A Conversation with Patrick Rametti, Director of College Completion at Uncommon Schools: Part II
My last post, “It’s the Academics Stupid!,” introduced Patrick Rametti, Director of College Completion at Uncommon Schools—an organization that manages 54 nonprofit, charter public schools, kindergarten through high school, in urban locations in Massachusetts, New Jersey, and New York, with 20,000 students from low-income families. It ended with a promise to write next about the utter failure of post-secondary institutions, public two- and four-year colleges in particular, to graduate most of their students and what Uncommon Schools does to provide much-needed support.
The data are pretty alarming: in the United States overall, only 11% of students from the lowest-income quartile who attend college graduate within six years. That’s why Uncommon Schools—along with a host of other nonprofit programs such as Beyond 12 and Bottom Line, have stepped in to provide coaching and other services that help college students who may be struggling persist and graduate. Patrick described the Uncommon Schools efforts.
“Our students struggle with that sense of belonging when they get to college,” he told me, “especially if they’re first-generation college students or if it’s the first time students are in an environment where very few people look like them. Those challenges are real for our students, and oftentimes they start to question whether they belong and decide to drop out.” He’s talking about the imposter syndrome.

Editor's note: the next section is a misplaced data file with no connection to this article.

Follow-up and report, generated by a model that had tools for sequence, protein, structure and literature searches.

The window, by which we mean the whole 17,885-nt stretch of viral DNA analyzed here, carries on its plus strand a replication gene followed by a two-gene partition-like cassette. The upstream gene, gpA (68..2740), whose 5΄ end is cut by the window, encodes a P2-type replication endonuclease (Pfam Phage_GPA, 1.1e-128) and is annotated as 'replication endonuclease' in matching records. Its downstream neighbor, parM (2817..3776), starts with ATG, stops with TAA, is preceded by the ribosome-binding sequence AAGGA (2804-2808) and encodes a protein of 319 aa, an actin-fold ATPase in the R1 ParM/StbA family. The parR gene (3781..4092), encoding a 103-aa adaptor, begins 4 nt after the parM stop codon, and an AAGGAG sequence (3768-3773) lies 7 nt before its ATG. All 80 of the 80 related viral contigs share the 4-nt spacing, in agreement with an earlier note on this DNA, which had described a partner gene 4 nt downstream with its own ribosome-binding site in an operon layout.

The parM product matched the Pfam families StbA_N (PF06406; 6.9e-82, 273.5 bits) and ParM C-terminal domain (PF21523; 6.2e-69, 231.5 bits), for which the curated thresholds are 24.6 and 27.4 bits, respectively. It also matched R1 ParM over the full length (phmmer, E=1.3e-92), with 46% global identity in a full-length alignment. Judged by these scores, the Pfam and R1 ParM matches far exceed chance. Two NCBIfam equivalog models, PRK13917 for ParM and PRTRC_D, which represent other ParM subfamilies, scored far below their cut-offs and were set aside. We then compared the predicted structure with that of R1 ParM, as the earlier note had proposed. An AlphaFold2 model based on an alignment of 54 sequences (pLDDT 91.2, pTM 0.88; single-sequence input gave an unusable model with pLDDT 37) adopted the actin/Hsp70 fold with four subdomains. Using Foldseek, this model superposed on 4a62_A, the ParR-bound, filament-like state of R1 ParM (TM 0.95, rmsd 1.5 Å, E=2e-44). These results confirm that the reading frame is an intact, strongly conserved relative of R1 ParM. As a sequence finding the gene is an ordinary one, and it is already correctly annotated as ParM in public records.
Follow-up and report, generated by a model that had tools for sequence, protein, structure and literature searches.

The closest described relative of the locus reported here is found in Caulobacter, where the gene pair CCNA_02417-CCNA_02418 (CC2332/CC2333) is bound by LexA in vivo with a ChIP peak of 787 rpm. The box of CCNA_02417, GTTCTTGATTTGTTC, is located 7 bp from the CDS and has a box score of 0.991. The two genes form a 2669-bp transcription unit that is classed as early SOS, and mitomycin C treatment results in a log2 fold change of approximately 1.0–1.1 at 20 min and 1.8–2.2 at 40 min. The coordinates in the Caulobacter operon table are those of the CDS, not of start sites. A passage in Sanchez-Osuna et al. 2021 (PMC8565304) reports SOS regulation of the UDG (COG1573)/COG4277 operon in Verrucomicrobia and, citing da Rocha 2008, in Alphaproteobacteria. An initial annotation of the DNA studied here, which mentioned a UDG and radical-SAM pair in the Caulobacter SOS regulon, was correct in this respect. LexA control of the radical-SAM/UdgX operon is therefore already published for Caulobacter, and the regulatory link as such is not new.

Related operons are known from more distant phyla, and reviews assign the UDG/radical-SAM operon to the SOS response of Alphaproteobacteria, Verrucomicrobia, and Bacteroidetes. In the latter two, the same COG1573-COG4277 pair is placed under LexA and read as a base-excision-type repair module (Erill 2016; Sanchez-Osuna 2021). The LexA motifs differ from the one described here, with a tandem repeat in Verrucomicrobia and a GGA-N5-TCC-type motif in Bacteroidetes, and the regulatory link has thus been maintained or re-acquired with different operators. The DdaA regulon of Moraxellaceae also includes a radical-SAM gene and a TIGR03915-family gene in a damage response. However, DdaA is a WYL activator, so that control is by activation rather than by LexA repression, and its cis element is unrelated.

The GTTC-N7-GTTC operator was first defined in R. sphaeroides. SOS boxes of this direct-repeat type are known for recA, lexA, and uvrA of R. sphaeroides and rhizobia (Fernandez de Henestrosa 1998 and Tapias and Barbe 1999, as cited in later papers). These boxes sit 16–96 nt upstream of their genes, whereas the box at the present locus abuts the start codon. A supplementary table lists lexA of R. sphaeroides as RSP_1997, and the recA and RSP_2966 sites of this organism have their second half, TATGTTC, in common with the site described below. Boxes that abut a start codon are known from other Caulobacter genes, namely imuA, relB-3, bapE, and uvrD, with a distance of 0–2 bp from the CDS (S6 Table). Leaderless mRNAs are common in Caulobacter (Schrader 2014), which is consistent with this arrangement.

“We have an alumni support program” to help with this, Patrick explained. Alumni counselors are each supporting about 200 to 250 alumni spread out across two to three dozen college campuses. “They’re on the road right now, visiting kids and checking in.” They focus on “making sure our students are integrated into their schools, know the resources and the right people and places on campus to find solace when they need support.” The emphasis is on first-year students, and some second-year students, using “a differentiated outreach model with actual data to assign students a ‘risk rating’ for not persisting in college based on a variety of factors from financial to academic to socio-emotional to personal.” The most attention is given to the first six months, a critical time for new college students. After that the efforts shift to be more like check-ins as regularly as possible to make sure students are staying on track.
Uncommon Schools does this because the colleges themselves often fail to provide what Uncommon alumni need. “Our students don’t necessarily recognize how high the stakes are for getting it right at the beginning. They get so many repeat chances, and people believe so much in their potential, that they almost feel like they can’t fail because no one will let them. And then they get to college, and people actually don’t care if they fail. ‘That’s on you,’ they say.”
In other words, no one is watching out for these students once they get into their post-secondary institutions—except for Uncommon. It’s a vivid example of the handoff failure endemic in this country. But Uncommon sticks with its graduates, focusing intensely—at a critical time—on making sure they keep up academically so they won’t lose their financial aid and have to drop out.
I asked Patrick about that handoff failure, and whether Uncommon Schools is interacting with colleges about this issue rather than just gap-filling within the institutions its students are attending.